I’LL NEVER EAT LUNCH IN THIS CHURCH AGAIN
Okay, I admit it. I was bored and confused during The Fellowship of the Rings. I started looking at my watch after only thirty minutes of The Two Towers, and then, kept looking at it every five minutes for the next two and a half hours. The idea of having to sit through one more of these dark and dripping marathons this November is casting a dreary pall over the whole year for me.
Ahhh.. That felt good.
Three hours (twice!) of filthy men with bad hair. Dismal looking, cavernous sets and lots and lots of gray everywhere. Oh, and lots of burning and smokey places. Ahhh… even better.
Legions of repulsive CGI things, oozing fluids and grunting menacingly. Flat, unmemorable dialogue mumbled by characters whose weird names I still don’t know after watching them tramp around for six hours. HA HA HA HA!!!
I don’t think The Lord of the Rings and The Two Towers are good movies. I don’t care if I am the only person in Christendom who dissents. And every one who tells me it’s just because I haven’t read the books, only makes my point stronger. Great movies are defined by being able to stand on their own. They don’t need a three-volume study guide.
Clearly, The Rings movies are big movies, with impressive production values and lots of extras and surging, if not haunting, musical scores. But even with all that going for them, they still don’t hold together as good storytelling.
My sense is, because they come from source material created by one of our guys, Tolkien, the whole Church is urgent to get behind them with effusive plaudits. The films are visually interesting, but not profound in insight. They have a lot of action, but because the characterizations are so halting and incomplete, they do not ultimately challenge the viewer. Does anybody really want to be any of the characters in these movies? Does anybody walk away puzzling over some life-changing paradox here? No. The Rings movies, are “full of sound and fury. Signifying (almost) nothing.”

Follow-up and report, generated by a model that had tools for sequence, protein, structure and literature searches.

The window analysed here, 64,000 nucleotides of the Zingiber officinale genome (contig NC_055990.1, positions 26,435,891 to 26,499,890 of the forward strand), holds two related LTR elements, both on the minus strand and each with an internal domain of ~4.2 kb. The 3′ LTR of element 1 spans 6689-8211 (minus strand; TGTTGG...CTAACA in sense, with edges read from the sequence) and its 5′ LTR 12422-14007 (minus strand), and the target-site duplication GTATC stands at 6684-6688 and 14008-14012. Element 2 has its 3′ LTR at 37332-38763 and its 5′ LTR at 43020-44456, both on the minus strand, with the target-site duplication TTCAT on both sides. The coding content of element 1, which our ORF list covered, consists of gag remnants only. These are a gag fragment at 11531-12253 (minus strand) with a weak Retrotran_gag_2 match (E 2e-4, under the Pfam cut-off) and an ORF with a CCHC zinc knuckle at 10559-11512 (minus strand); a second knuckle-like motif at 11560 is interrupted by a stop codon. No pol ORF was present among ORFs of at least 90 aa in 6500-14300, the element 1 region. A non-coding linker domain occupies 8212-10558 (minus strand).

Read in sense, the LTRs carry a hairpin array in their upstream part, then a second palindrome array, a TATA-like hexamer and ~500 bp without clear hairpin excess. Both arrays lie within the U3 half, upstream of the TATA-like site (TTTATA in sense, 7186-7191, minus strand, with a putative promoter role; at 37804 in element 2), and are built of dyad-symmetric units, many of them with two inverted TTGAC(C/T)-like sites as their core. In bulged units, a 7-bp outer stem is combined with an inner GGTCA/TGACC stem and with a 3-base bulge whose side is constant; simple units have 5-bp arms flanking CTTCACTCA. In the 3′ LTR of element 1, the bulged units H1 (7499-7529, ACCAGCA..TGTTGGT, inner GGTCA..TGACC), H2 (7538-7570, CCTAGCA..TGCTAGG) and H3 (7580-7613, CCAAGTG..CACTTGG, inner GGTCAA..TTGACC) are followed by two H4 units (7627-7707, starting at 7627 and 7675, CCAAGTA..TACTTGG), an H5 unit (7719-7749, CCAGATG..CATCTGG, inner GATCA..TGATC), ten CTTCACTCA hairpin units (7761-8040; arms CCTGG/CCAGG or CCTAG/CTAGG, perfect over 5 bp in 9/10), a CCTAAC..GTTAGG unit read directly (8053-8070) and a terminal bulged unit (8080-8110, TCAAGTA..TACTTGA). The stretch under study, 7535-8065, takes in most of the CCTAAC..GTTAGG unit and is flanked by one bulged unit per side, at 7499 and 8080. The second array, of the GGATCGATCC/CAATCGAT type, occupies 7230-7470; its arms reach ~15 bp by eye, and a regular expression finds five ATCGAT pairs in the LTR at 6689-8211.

To be fair, I did see in the Gollum sequences of The Two Towers some of the deep theological themes people keep telling me are present in the trilogy. I thought it was brilliant filmmaking that the first time I saw the Gollum, I thought he was disgusting, but by the end of the film, I thought he was cuddly looking. Watching him yodel happily while catching fish was one of the most charming screen moments of the year. (And yet, one of the world’s leading Tolkien scholars spoke to me of that particular scene with disdain, assuring me that it was untrue to Tolkien. Of course, it was…whatever…) I thought the dualism reflected in his personality was clever and bordering on the profound. Bordering. For anyone who has ever cracked the Letter to the Romans this stuff about us doing the evil while loving the good isn’t that earth-shattering. It’s rather, just a description of human existence.
In the Rings movies, the bad guys are proposed to be bad, why? Because they are ugly, and because their building projects are ecological disasters? It’s as though the filmmakers want us to just take their word for it, “These dark oozing guys are bad. Look what they do to the trees, after all!”
There are SO many scenes that should have been cut from both of these movies. There are SO many unnecessary characters whom we don’t care about because they come out of nowhere and fade away just as fast. I never got why the ring is so bad. Just because Gandalf said it was early on in the first movie? Yes, it made Uncle Bilbo look a little odd once, but I tend to look that way whenever people tend to disagree with me. Sorry, I just don’t get it. (If you are feeling the impulse to tell me that is because I haven’t read the books, please feel free to send me $1 instead….I figure it’s as good a way to get rich as any.)
Okay…let me have it…